Although the Indians had failed to win the World Series, the season had still been a wild success.  They had built a powerful machine, and with Brantley back in right field for the 2017 season, who knew what could happen?  But still, they seemed to be missing something.  Even with the amazing midseason reinforcements and Cleveland’s powerful lineup (Napoli, Santana, Lindor, Kipnis), the Indians were 18th in the majors in runs scored.  They were getting many runners on base, as their .329 OBP (tied for seventh-best in the MLB) testified.  They just needed one more piece, a guy who could get those many baserunners home.  And although Napoli was big and strong and hit majestic homers, he just wasn’t the guy the Indians needed.  So they signed Encarnacion.  With him on the team and Brantley back, possibilities are boundless.  Their lineup (shown below) will be incredibly potent.

1.  Francisco Lindor;  Shortstop

2.  Jason Kipnis; Second Base

3.  Edwin Encarnacion; DH

4.  Michael Brantley; Right Field

5.  Carlos Santana; First Base

6. Jose Ramirez; Left Field

7.   Lonnie Chisenhall; Third Base

8.  Roberto Perez; Catcher

9.  Tyler Naquin; Center Field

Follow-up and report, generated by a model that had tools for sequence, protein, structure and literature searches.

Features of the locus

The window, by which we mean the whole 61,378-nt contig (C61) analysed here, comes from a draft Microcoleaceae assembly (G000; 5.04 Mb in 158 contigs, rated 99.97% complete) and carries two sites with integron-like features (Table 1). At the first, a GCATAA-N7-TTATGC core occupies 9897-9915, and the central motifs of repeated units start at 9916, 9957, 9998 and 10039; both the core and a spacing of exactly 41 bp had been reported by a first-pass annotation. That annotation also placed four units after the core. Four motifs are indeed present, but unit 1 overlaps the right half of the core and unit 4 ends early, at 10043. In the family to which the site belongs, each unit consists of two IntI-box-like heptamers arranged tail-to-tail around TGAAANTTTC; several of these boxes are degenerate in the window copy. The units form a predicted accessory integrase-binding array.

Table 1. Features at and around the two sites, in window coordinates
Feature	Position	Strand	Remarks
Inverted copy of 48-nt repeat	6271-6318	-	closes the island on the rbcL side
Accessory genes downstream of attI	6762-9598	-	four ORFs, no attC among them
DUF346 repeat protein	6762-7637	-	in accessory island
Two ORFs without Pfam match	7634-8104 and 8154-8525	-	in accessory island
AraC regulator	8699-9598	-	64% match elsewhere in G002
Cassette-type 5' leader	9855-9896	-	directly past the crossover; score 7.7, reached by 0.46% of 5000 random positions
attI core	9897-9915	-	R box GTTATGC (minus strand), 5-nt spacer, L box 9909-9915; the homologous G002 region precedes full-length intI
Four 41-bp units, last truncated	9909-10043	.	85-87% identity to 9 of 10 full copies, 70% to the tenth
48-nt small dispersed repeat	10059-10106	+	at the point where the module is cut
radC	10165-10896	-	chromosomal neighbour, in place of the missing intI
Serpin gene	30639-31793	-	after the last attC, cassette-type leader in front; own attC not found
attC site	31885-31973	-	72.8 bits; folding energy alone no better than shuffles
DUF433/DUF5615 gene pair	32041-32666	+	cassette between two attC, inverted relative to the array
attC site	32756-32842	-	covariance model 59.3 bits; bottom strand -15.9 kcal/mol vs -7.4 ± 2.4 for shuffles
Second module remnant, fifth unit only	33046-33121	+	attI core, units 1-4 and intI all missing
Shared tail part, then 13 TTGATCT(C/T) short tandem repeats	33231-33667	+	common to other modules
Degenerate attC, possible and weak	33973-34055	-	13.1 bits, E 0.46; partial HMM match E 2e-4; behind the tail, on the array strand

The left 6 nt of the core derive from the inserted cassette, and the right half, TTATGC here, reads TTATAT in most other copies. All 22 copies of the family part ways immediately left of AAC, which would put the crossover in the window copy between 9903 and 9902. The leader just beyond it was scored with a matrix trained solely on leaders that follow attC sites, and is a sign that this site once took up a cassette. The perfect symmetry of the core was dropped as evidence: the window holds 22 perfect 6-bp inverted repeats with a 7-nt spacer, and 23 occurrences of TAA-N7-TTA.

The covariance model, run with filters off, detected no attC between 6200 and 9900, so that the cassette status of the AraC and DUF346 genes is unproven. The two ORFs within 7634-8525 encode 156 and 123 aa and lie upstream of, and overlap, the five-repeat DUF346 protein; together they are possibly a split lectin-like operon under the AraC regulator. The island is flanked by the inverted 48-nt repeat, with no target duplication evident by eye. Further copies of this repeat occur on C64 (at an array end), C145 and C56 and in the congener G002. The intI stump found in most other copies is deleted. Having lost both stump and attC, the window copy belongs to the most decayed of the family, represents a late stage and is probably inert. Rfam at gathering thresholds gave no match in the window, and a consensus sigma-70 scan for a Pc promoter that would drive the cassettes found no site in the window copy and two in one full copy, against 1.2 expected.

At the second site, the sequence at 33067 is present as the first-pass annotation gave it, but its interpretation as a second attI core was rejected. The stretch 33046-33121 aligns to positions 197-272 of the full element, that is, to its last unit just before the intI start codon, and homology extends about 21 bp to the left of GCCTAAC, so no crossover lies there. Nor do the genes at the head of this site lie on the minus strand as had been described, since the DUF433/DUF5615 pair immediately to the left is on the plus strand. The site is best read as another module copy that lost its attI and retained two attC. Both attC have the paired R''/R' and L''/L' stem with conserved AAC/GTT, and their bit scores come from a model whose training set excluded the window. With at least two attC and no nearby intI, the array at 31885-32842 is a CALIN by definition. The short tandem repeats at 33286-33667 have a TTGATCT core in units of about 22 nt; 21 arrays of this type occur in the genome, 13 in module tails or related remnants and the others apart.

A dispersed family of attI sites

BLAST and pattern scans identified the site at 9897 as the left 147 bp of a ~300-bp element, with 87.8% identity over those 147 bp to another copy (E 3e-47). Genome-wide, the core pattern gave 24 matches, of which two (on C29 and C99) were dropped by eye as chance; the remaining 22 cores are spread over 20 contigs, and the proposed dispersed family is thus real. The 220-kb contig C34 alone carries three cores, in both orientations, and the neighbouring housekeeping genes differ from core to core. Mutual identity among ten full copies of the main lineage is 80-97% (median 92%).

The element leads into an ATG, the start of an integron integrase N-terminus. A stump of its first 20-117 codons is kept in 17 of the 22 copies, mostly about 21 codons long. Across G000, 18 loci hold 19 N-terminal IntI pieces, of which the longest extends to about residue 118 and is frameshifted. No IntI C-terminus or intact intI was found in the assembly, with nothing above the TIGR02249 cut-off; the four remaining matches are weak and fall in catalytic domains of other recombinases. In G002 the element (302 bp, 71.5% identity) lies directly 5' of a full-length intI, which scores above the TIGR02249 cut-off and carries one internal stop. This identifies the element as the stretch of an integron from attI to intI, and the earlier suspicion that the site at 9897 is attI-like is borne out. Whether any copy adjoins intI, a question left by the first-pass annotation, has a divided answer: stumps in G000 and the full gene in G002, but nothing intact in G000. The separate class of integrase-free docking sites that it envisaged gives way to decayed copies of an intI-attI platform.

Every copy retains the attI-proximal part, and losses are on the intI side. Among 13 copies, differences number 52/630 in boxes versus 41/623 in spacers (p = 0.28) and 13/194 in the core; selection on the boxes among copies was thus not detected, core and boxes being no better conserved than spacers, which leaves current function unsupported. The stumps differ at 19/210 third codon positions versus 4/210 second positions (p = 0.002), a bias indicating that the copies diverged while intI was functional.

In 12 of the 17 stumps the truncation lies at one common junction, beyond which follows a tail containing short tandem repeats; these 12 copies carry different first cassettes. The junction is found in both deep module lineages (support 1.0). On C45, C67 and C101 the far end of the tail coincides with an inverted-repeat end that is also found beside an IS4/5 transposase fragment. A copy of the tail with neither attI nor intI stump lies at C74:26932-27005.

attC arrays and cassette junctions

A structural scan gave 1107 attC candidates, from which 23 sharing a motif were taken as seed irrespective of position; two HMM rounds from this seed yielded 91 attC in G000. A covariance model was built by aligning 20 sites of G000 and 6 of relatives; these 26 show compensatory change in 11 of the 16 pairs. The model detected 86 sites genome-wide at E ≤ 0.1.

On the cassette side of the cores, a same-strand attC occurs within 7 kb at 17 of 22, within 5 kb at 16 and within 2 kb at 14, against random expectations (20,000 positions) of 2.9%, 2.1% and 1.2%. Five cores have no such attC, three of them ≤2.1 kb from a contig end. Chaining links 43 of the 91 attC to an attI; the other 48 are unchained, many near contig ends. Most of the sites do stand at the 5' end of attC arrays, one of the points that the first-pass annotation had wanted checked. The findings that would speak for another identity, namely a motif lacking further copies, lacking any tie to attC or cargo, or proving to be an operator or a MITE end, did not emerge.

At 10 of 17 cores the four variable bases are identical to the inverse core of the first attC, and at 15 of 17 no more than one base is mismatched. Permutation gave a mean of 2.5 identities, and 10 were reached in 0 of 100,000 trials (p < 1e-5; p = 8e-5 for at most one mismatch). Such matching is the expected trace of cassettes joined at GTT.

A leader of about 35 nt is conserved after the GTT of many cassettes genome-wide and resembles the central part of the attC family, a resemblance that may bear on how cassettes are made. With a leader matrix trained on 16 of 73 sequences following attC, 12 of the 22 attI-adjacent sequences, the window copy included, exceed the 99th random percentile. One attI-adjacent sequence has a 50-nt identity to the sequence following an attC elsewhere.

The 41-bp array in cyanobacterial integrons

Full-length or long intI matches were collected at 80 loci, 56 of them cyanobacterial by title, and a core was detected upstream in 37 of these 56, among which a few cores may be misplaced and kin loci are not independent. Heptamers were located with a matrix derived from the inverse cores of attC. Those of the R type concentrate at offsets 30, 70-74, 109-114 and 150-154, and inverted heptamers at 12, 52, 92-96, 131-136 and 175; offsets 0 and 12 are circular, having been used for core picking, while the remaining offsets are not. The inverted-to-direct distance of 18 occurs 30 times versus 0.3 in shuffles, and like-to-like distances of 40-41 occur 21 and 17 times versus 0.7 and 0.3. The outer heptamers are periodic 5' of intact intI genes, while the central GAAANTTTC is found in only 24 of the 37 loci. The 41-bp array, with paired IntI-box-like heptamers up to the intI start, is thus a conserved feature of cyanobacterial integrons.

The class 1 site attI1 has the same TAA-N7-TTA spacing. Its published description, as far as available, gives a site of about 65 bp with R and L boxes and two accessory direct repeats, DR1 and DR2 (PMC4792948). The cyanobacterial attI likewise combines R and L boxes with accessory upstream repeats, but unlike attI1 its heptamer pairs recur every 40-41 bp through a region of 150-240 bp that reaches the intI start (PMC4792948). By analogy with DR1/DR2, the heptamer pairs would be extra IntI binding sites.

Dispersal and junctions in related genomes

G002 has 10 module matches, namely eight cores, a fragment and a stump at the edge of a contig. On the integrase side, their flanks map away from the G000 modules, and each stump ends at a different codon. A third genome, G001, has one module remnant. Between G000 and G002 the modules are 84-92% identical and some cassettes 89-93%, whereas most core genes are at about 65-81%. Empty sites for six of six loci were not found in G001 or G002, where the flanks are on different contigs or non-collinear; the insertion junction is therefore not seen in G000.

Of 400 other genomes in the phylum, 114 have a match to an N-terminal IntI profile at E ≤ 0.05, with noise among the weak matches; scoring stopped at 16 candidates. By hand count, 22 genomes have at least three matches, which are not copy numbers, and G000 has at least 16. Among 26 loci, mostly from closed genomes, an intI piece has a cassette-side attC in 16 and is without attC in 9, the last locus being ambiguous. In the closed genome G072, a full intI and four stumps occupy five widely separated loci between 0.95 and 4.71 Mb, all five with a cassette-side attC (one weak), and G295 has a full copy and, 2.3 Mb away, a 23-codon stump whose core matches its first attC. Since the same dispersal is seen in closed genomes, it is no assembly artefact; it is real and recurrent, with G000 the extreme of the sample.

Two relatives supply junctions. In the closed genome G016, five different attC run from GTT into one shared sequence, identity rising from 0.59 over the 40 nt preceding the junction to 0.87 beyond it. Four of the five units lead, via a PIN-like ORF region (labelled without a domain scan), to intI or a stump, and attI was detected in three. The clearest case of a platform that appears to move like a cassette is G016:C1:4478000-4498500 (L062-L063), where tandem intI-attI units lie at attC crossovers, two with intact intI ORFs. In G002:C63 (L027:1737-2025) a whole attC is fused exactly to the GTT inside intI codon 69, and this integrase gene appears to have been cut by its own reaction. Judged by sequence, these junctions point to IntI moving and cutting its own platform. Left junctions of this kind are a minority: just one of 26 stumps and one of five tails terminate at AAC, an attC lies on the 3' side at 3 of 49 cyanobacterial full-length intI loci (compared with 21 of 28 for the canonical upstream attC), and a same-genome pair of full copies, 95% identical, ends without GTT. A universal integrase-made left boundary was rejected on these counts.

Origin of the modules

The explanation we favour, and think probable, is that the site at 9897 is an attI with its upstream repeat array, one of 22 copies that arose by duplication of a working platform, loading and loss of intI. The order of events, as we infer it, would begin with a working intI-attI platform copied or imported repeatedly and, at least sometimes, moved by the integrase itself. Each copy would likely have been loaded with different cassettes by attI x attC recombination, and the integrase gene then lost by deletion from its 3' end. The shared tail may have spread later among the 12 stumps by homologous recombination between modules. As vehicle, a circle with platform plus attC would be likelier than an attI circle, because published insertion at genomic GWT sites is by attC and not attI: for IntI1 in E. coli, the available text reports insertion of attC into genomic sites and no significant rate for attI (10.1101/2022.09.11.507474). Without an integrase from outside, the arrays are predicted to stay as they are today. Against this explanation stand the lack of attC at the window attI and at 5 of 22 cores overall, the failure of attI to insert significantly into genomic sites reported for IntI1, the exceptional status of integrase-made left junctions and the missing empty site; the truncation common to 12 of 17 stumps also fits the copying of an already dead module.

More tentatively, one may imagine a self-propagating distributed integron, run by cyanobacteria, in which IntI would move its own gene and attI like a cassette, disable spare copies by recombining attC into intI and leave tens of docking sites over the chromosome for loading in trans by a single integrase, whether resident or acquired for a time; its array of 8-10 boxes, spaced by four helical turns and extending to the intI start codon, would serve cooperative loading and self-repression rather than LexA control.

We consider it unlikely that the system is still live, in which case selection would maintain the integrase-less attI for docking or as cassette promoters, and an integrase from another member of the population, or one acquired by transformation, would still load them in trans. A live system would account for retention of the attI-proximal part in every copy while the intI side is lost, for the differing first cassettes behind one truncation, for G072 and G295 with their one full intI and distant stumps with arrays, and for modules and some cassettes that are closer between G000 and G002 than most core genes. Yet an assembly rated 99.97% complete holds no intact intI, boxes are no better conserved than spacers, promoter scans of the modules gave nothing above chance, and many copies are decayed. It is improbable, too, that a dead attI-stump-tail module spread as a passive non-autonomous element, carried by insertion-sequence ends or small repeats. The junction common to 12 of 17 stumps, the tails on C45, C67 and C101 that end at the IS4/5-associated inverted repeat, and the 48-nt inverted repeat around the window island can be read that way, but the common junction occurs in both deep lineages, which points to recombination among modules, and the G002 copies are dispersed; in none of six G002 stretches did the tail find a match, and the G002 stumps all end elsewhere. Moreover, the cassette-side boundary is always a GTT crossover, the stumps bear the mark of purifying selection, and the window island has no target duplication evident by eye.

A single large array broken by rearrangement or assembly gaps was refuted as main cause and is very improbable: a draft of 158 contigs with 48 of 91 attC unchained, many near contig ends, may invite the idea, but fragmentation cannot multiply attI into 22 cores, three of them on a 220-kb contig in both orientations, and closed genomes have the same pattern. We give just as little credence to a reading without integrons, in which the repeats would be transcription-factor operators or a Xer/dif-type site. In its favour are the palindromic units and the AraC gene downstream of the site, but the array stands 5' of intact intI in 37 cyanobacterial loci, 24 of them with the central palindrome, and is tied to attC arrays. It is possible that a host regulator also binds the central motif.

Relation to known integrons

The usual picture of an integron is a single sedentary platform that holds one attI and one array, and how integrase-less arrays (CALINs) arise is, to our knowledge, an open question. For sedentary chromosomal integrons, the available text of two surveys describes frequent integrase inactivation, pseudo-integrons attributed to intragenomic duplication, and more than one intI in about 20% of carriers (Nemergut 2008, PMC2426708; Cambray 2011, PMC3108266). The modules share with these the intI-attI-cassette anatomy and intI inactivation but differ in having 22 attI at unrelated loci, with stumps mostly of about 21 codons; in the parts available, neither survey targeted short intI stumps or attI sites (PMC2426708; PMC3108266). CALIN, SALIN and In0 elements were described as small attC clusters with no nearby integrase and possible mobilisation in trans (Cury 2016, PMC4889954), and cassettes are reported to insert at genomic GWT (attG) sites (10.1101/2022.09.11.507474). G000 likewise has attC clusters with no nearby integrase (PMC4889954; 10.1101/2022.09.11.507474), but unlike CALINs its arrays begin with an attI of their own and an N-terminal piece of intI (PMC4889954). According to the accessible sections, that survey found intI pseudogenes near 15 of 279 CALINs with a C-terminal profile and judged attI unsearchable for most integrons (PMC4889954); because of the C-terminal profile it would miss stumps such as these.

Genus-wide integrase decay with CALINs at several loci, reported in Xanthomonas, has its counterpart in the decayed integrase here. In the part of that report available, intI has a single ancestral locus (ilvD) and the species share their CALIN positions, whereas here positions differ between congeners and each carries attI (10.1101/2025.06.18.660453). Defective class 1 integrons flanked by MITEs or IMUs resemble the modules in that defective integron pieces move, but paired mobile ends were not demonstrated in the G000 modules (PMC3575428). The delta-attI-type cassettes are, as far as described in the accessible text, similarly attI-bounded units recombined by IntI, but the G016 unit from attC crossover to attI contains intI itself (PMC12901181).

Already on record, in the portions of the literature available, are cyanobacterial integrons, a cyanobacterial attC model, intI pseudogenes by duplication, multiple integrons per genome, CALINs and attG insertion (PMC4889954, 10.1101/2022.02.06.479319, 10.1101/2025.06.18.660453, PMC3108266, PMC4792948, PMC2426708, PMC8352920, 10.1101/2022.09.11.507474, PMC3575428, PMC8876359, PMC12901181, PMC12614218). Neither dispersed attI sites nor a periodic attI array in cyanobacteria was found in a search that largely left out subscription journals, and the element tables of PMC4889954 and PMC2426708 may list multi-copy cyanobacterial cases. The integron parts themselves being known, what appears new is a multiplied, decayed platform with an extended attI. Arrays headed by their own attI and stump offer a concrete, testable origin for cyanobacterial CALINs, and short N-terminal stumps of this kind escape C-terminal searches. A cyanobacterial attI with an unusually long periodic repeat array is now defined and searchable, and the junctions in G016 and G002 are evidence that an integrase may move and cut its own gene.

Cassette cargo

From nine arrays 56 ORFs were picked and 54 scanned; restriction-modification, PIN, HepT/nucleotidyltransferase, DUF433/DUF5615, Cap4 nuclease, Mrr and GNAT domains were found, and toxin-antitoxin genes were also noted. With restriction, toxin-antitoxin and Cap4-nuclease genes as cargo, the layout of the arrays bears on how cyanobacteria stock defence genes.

Although the order could be debated on, its potency and presumed consistency are undeniable.  There are only 1.5 holes in the lineup (Roberto Perez=1, Chisenhall=.5), and other than that, the rest of the lineup is stocked with really good players. That’s seven really good players in one lineup.  That is something special.  The lineup is also well-rounded.  There are Lindor, Kipnis, Brantley, and Ramirez providing consistency, while Encarnacion and Santana provide the dingers.  Of course, the four who provide consistency can be relied on to produce at least 15 homers a year.  And although the batting order looks very impressive, the pitching rotation is what really makes the Indians special.  The pitching rotation made it to the World Series minus two of their best pitchers — Salazar and Carrasco — and almost won it!